Returning to work after maternity leave is a crucial transition period for many mothers. It can become even more complex for those who wish to continue breastfeeding their baby while returning to work. Fortunately, Switzerland has laws and regulations in place to protect women's rights in the workplace. In this article, we explore women's rights and how to ensure that their breastfeeding needs are respected.
Maternity leave in Switzerland
In Switzerland, pregnant women are entitled to between 14 and 16 weeks' maternity leave, depending on the canton, which can be taken in the 8 weeks prior to the expected date of delivery and the following 6 weeks. During this period, women benefit from job protection and salary continuation. It is essential to prepare for the return to work, especially if breastfeeding is a priority.
Rights for women returning to work
Women returning to work after maternity leave in Switzerland have specific rights to facilitate breastfeeding at work. Here are some of these rights:
- Breastfeeding during working hours: employers are required to allow mothers to take breaks to breastfeed or express milk. These breaks must not be deducted from working hours and must be paid.
- Appropriate place for breastfeeding or expressing milk: employers must provide an appropriate and private space for women to breastfeed or express milk. This may be a rest room or a room dedicated to this purpose (toilets are not included...).
- Flexible rules: women have the right to request more flexible working hours to better reconcile their work and their responsibility to breastfeed. Although employers are not obliged to accept them, they are encouraged to find suitable solutions.
Awareness and communication
It is important that women on maternity leave and their employers communicate openly and plan the return to work appropriately. Women need to inform their employer of their intention to breastfeed and discuss the necessary arrangements, such as breastfeeding breaks and the appropriate place to express milk. Employers, for their part, need to be understanding and ready to support their employees in this process.
In Switzerland, women returning to work after maternity leave have the right to breastfeed and express milk with complete peace of mind. Laws and regulations are designed to ensure that mothers can continue breastfeeding in the best possible way, while at the same time pursuing their professional careers. It is essential that women on maternity leave communicate with their employers and are aware of their rights in order to benefit from adequate support and a harmonious return-to-work experience.
Where can I turn for help and support?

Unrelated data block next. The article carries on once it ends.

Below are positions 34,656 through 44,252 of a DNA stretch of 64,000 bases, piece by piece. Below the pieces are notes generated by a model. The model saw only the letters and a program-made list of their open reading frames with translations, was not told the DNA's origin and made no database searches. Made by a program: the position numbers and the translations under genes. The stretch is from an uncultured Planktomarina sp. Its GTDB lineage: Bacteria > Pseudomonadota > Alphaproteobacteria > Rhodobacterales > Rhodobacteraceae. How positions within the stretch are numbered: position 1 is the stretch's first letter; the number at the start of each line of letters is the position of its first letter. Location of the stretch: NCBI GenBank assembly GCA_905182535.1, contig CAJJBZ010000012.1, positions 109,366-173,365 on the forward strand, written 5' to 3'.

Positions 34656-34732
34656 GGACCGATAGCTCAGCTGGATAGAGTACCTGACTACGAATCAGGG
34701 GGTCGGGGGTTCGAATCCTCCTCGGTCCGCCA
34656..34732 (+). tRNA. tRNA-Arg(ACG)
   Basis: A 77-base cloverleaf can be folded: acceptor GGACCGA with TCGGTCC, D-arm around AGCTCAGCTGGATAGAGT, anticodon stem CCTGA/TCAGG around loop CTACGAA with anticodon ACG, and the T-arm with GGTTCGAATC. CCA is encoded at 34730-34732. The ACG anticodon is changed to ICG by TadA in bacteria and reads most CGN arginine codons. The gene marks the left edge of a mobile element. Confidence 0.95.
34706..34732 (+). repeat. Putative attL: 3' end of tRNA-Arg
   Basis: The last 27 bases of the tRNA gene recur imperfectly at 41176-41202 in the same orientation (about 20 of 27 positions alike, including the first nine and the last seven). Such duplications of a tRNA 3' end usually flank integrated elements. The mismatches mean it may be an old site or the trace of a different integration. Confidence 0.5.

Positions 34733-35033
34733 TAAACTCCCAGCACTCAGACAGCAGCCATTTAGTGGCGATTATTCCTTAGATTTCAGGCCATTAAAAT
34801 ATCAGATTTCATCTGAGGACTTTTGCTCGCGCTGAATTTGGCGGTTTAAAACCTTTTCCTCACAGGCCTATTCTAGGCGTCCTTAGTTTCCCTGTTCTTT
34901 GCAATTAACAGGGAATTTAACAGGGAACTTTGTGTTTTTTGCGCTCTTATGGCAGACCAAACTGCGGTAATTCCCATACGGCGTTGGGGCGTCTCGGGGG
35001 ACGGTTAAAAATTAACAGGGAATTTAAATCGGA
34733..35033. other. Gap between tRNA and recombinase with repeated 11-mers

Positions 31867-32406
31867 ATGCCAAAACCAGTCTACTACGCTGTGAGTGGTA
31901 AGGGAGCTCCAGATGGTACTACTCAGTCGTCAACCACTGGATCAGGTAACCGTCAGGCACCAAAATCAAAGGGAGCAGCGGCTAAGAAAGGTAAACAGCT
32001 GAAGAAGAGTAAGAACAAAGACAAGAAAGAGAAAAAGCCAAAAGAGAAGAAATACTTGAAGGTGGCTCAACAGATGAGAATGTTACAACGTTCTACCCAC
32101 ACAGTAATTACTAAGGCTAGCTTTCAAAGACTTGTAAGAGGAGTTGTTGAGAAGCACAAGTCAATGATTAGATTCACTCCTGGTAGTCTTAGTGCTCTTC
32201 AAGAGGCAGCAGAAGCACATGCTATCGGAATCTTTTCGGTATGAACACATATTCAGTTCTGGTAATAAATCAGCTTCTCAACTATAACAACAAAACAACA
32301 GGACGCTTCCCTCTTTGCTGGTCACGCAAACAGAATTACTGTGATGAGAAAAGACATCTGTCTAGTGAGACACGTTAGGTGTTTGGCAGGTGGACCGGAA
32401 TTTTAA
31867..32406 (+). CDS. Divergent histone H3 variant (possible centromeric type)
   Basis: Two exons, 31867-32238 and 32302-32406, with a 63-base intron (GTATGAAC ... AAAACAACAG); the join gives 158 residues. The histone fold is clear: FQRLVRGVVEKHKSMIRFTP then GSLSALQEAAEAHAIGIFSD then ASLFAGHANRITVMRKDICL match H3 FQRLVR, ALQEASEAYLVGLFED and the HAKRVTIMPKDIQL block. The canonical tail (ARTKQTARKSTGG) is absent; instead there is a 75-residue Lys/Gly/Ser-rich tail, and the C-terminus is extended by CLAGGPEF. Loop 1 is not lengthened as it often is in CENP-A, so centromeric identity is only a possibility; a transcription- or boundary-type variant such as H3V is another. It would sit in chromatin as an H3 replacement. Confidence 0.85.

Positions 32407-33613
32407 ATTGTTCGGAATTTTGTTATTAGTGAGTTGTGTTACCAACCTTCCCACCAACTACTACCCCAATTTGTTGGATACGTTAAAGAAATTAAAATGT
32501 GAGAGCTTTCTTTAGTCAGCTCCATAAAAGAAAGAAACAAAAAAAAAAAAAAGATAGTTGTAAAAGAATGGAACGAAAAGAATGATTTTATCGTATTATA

A number of associations and organizations are dedicated to promoting breastfeeding and supporting mothers who wish to breastfeed. These associations play an essential role in providing valuable information, resources and support to pregnant women and new mothers. Here are some of the main Swiss breastfeeding associations:
Promotion breastfeeding Switzerland
This association aims to promote breastfeeding in Switzerland. It raises public awareness, works with health professionals and organizes campaigns to encourage breastfeeding. Their website also provides useful information for breastfeeding mothers.
Breastfeeding on the move with mamamap! Although breastfeeding in public is permitted everywhere, it is sometimes desirable to have a quiet, peaceful place. The mamamap app enables mothers to quickly and easily find the nearest breastfeeding area where they and their children are welcome. The app is provided free of charge by Promotion allaitement maternel Suisse.
Swiss League of La Leche League
La Leche League is an international organization that has been promoting breastfeeding for many years. In Switzerland, the Swiss League of La Leche League offers local support groups run by experienced volunteer mothers, valuable information on breastfeeding and personalized advice for mothers. They also organize monthly meetings for interested mothers.
MotherStories postpartum guide
Over the past few years, women have been revealing the true face of this very special period known as postpartum. Just as rich and complex as pregnancy (and with baby at the center of all our attention), the post-partum period is rightly often referred to as the 4th trimester, and yes, we can prepare ourselves to live through it more serenely, or at least consciously.
In this guide co-created with the Centre périnatal | Sages-femmes Nawal Matlou, discover 57 pages dedicated to the post-partum period, without taking sides or passing judgment. Just to support you, through the sharing of experience and knowledge. In all transparency and kindness. To accompany you and give you confidence at this unique time. We hope you'll find as many answers as possible.